Over the years, I’ve seen some freakishly big pumpkins sitting pretty on our ingredient wall and atop the pastry station at Michael’s Genuine in Miami when local tomatoes are out of season (heirloom alert: a week more of Teena’s Pride, before we head up state until June!)  We have Martha Corona and her u-pick farm to thank; she always makes sure to grow them, and customer demand is so high she brings them in from a farm upstate when her supply runs out. They grow up to 20 pounds each, even more.  Chris’s weekly order averages about 50 pounds all day, give or take a few depending on what the kitchen wants on the menu.  They can show up as a wood roasted side, shaved on pizza, cubed in hash at brunch…  pretty much everywhere and anywhere.  And Harry’s just added candied pumpkin seeds to its arugula salad.

Upon returning to the mainland from Grand Cayman’s Slow Food Day in March, Thomas not surprisingly received requests from afar for his pumpkin salad recipe.  Sure, it was so delicious as a base for Caja China Local Goat, but better yet, a fresh, healthy, and vegetarian dish balanced and hearty enough to stand alone. When working with pumpkin at home, Thomas suggests choosing the longnecks if you can find them, peeling with a vegetable peeler and using a large, properly sharpened chef’s knife for cubing. The chunks don’t need to be perfect cubes, but do take care to cut with uniform thickness for uniform cook time. Enjoy with a Home Brew and toast to summertime!

Roasted Pumpkin Salad with quinoa, long beans, herbs, heart of palm and parsley vinaigrette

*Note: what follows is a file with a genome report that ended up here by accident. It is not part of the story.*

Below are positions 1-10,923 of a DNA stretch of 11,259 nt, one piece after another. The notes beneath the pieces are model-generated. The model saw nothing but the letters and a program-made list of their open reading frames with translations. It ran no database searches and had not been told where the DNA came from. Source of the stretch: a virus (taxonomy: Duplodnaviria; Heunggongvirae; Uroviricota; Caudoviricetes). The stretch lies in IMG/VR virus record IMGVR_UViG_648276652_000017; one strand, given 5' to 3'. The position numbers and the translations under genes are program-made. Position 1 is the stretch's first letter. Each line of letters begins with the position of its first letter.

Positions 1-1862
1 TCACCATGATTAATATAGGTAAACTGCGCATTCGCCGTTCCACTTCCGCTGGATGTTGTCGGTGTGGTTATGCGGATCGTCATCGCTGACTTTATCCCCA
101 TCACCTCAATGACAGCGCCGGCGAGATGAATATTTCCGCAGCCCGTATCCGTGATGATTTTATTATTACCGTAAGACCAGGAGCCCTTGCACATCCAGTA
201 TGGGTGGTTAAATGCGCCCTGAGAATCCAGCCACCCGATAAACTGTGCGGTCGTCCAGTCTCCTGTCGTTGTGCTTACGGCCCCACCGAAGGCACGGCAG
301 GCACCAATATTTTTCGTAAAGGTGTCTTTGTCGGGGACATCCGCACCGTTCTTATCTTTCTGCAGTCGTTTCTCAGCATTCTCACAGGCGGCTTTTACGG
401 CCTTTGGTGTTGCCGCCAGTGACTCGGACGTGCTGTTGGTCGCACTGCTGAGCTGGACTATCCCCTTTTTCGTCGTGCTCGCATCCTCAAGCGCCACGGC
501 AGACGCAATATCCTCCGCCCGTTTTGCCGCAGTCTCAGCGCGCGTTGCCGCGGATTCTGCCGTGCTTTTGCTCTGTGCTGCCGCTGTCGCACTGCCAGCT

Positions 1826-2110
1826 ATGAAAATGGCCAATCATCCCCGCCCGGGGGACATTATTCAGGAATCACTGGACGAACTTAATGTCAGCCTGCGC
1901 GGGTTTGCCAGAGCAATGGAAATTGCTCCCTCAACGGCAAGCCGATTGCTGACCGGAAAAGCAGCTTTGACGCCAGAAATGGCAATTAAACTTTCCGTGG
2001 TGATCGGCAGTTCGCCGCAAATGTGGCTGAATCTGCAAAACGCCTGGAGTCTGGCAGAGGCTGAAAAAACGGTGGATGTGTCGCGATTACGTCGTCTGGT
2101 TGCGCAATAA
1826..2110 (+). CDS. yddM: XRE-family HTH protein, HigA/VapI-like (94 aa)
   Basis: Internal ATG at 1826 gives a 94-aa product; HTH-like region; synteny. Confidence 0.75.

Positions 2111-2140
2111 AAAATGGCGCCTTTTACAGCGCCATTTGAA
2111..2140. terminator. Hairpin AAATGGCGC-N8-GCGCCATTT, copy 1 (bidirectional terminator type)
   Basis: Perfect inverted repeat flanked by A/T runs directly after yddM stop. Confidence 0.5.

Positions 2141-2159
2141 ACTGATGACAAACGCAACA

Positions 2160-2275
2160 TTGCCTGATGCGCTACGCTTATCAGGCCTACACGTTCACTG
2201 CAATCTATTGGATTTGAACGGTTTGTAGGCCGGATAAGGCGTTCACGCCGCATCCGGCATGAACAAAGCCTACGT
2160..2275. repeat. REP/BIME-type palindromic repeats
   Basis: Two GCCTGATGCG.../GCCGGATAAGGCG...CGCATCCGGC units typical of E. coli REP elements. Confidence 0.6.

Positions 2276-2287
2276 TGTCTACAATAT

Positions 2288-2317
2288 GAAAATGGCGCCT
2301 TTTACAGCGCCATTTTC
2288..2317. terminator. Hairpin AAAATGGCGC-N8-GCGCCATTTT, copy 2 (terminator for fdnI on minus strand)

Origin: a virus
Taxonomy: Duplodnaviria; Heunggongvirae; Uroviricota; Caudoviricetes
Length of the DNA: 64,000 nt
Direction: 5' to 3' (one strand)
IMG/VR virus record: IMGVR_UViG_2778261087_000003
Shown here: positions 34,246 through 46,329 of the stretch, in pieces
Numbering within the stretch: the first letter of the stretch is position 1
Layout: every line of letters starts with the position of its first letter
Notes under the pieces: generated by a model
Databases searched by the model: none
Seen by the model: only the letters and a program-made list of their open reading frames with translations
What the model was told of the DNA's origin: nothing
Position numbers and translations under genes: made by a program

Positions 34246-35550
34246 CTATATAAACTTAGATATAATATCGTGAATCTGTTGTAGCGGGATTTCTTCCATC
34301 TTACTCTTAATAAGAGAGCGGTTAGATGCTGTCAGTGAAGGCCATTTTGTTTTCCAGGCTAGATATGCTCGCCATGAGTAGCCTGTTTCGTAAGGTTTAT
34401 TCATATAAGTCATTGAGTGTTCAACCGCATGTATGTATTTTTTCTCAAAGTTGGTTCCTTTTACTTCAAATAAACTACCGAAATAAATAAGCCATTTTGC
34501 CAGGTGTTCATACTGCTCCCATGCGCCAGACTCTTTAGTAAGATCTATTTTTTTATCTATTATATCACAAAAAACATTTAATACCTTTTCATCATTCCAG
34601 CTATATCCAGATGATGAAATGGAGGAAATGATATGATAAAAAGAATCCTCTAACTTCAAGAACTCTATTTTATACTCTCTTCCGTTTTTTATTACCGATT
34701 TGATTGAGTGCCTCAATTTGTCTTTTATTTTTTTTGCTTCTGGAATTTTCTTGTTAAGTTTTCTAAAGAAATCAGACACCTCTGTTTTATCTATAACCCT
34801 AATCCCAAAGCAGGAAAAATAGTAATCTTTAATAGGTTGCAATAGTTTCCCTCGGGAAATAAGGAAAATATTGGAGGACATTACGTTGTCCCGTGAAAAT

Serves 6

3 quarts fresh pumpkin, peeled and cut into 2-inch cubes
½ cup extra-virgin olive oil
Kosher salt and freshly cracked pepper to taste
3 cups cooked quinoa
1 pound long beans
½ cup fresh heart of palm, shaved
Salt and Pepper to taste
1 cup Parsley Vinaigrette (recipe follows)
½ cup scallion, sliced thinly
½ cup parsley leaves
½ cup cilantro leaves

Preheat an oven to 400 degrees. Place the cut pumpkin on a sheet pan, dress with the olive oil and season with salt and pepper. Roast the pumpkin until it becomes tender, about 12 minutes. Once tender, remove and allow to cool at room temperature.

Bring a large pot of salted water to a boil and blanch the long beans for 15 seconds then shock into ice water to stop the cooking. Once the long beans are chilled, cut into 2 inch long pieces.

To assemble the salad, combine the warm pumpkin, cooked quinoa, long beans, and shaved heart of palm in a mixing bowl and season with salt and pepper.  Toss with the vinaigrette and herbs. Serve while the salad is warm.

Parsley Vinaigrette

makes about 1 cup

1 tablespoon kosher salt
1 cup parlsey leaves, picked
¼ cup oregano leaves, picked
1 small shallot, minced
1 garlic clove, minced
¼ cup sherry vinegar
½ cup extra virgin olive oil

Add ½ cup of water to a saucepot over medium heat and add the salt. Once dissolved, set aside and allow to cool. Finely chop the parsley and oregano. Combine the herbs, shallots, garlic and sherry vinegar in a mixing bowl. Using a whisk, bruise the herbs with the vinegar and whisk in the salt water and finally the olive oil. Place in a plastic container until ready to use. You can allow the dressing to marinate for a day and the flavors will improve.